Mr. Darwin's Shooter
"The great trust that Covington had in the world's advancement of his fate, that he was born to and found only rarely shaken, he brought with him from Bedfordshire to the sea." (p 71)
Roger McDonald is a noted Australian novelist however this is the first of his books that I have had the pleasure of reading. Like The Moor's Account by Laila Lalami that I read earlier this year, this is a book based on the life of a real person. Syms Covington, the titular protagonist of this story was a person like most people who have lived and were forgotten. Now his life has been impressively reclaimed from history's notorious dustbin in this novel by Roger McDonald.
Syms Covington was 15 years old when he joined the crew of H.M. S. Beagle for a journey that would change forever both his own life and humanity's view of our place in the world. As collector and shooter and all-around assistant, young Covington accompanied Darwin throughout the five-year voyage and for two years of wrap-up work after the return to England. The Darwin biographer Janet Browne describes Covington as the unacknowledged shadow behind Darwin's every triumph. McDonald's fictionalized account of Covington's life is a well-researched book, rich in the complicated issues that surround Darwin and his work, especially its shock to Victorian religious sensibilities. But this novel is genuinely about Syms Covington, not about Darwin. It is about his adventurous life, which happens to accompany for a time that of a man destined to become the most influential scientist of his era.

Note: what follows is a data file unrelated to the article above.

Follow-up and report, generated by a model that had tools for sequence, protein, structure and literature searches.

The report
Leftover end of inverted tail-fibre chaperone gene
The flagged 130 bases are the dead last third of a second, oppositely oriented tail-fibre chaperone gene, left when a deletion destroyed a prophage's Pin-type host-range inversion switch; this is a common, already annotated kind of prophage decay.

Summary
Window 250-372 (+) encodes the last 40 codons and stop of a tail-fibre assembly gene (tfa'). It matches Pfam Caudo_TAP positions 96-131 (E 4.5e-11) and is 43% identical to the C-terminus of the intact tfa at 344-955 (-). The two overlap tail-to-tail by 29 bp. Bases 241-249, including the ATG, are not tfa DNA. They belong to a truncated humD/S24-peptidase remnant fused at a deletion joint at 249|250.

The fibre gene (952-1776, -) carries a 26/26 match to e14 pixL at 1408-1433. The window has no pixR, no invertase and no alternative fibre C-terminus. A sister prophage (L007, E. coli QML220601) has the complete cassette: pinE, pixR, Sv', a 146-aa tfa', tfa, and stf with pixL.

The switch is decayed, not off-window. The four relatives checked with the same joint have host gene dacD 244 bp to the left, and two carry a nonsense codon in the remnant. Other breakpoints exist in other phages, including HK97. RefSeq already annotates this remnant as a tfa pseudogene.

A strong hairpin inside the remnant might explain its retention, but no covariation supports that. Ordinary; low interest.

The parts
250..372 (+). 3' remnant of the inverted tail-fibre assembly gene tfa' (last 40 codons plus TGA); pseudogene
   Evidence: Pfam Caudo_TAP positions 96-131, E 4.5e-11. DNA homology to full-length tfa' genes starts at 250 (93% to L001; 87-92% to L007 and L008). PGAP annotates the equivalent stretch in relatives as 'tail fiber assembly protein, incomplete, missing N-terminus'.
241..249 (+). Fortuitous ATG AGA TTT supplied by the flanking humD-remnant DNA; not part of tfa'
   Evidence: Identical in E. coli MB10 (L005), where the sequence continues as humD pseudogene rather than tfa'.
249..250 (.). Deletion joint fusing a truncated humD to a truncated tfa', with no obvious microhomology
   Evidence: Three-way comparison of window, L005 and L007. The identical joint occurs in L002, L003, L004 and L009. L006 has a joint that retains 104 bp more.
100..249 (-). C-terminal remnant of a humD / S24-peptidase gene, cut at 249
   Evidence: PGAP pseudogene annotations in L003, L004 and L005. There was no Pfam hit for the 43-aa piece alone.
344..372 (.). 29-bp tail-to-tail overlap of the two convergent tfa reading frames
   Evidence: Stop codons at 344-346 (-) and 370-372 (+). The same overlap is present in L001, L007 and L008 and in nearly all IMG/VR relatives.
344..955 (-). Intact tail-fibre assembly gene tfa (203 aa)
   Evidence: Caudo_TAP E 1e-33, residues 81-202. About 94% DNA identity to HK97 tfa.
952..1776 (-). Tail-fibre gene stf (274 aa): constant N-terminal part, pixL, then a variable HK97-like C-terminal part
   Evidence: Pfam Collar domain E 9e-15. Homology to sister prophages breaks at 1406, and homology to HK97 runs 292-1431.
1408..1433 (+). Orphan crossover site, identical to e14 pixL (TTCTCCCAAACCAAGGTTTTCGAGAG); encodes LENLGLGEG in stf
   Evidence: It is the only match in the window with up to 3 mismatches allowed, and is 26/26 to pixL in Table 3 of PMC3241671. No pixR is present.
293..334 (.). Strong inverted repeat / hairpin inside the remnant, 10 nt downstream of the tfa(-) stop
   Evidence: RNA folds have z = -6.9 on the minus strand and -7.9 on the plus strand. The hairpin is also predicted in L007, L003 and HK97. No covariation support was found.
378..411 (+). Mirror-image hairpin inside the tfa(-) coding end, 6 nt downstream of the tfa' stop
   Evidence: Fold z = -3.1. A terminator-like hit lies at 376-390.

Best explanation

McDonald imbues his story with the textures and assumptions of 19th-century life including religion, work, clothes, food, even shipboard floggings. The result is a well wrought tale of a man who embodies the milieu of his generation. It is the story of a daring, courageous, passionate man who is troubled by his own small role in the shocking changes going on about him. When we first meet Syms he is 12 years old, the religion-drenched son of a butcher. We accompany him as he and Charles Darwin and the natural sciences grow up. As readers we follow him into a contentious, disappointed middle age.
McDonald constantly surprises. His prose is ebullient, at times boisterous, holding the interest of the reader with language so vivid and original, alternately comic and tragic, that it reminded me of the novels of Dickens. McDonald makes his history come alive by refusing to stray from the sweaty, angry, sad, and sometimes violence of reality. This is one of the better historical novels I have read.